Les Miserables Review

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The latest interpretation of one of the most famous stories in literature and stage, Les Miserables,  comes to the big screen as a musical. It stars Hugh Jackman (Jean Valjean), Russell Crowe (Javert), Anne Hathaway (Fantine), Amanda Seyfried (Cosette) and more.

Les Miserables Movie PosterI will say from the start that I’m a big fan of the stage version of the musical and have major concerns over anyone who sees this as their first exposure to the story. This is an epic period piece that moves along at a rapid pace and covers decades of time. There’s little room to take a breath, as each musical number usually rolls into the next. If this isn’t something you’re familiar with, then this may prove challenging.

For fans of the musical the film version is different in critical ways, both positive and negative. The voice talent is spotty and almost none of the actors are up to the level of the stage pros. However, the acting and the cinematography allow for a much deeper level of immersion into the tale.

Lyrics and concepts that aren’t so clear in the play are crystallized by the crisper dialogue and fuller visuals. On stage, the lyrics fly by, especially when multiple people are singing, but in the film the technology is able to break down the complex audio with the deft use of close-ups and sound mixing.

You should also know that the producers obviously slowed down most of the songs for dramatic effect and the results are mixed. Many of the numbers, as performed, lack power to the point of the audience feeling the actors aren’t up to the task. However, as the film progresses the energy of the voices grows stronger. The slow cadence also means that some lines of the songs were dropped (to save time) and others tweaked.

One interesting impact is that your perspective of the characters changes. For example, in the play Jean Valjean is unquestionably a man of honor who made a fateful choice early in life out of necessity (and thus sets the stage for the main thrust of the story). In the movie version the acting presents us with facial expressions and body language that suggest a much more complex man whose ulterior motives aren’t so clear. Is that better or worse? I think it’s neither, but simply different.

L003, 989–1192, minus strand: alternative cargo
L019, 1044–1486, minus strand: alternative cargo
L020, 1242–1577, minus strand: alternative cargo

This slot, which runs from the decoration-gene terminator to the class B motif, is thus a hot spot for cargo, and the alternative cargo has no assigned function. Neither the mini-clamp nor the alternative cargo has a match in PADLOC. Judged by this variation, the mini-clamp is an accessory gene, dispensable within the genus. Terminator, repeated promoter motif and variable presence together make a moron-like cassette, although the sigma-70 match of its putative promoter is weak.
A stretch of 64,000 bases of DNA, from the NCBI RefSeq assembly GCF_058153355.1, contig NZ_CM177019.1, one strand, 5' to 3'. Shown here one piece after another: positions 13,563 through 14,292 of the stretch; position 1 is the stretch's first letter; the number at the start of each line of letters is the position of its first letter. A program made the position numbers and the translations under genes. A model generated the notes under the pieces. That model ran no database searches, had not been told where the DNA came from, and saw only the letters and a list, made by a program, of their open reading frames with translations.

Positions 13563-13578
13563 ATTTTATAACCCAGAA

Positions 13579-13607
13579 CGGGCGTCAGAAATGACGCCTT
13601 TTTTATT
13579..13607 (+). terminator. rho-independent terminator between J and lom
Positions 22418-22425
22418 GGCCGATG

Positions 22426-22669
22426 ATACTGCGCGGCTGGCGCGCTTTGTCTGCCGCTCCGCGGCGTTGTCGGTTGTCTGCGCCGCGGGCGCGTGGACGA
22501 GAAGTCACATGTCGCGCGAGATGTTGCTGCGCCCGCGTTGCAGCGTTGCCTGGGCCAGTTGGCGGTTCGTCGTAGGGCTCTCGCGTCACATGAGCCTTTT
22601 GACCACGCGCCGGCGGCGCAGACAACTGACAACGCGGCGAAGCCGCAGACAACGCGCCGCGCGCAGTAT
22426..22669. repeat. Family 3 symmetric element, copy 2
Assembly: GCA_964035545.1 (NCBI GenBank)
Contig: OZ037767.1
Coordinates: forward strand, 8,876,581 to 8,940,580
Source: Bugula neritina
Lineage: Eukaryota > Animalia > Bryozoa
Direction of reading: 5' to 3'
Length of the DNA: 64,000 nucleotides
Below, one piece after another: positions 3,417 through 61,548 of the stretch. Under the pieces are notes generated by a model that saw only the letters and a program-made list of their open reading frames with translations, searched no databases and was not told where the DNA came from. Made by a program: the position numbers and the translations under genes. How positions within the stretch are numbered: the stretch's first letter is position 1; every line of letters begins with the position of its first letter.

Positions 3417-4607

Jackman plays Valjean in a way very different from what most see on the stage. He’s grimy, rough, beat up and, potentially unstable. Anne Hathaway, as Fantine, is surprisingly good. Her voice is acceptable but her acting makes up for any shortcomings. Amanda Seyfried might just be the perfect choice for the older Cosette. Her voice is extremely high and thin initially, but then you get a sense that it flies above the others, just as her character does.

The casting of the Thernardier’s was a complete surprise for me and I’ll leave the mystery there except to say that their roles are handled well.

The young boy, Gavroche, played by newcomer Daniel Huttlestone is incredible. He steals your heart from his first frame to his last. I wasn’t at all surprised to find that he’d already played the role on stage. It shows, and it’s wonderful.

The one role I feel that’s entirely miscast is Russell Crowe as Javert. His lines, also slowed, lose their impact. His voice feels wrong and you just can’t connect to the role well. I was always more aware of his being Russell Crowe than I was of him being Javert. That’s not a good thing at all. Thankfully it’s one of the very few missteps.

In the end, for me, this adaptation was a major triumph. I sat mesmerized by most scenes and was emotionally drained at the end. I was a complete wreck for the final act. Any film that can move you this much is a success in my book.

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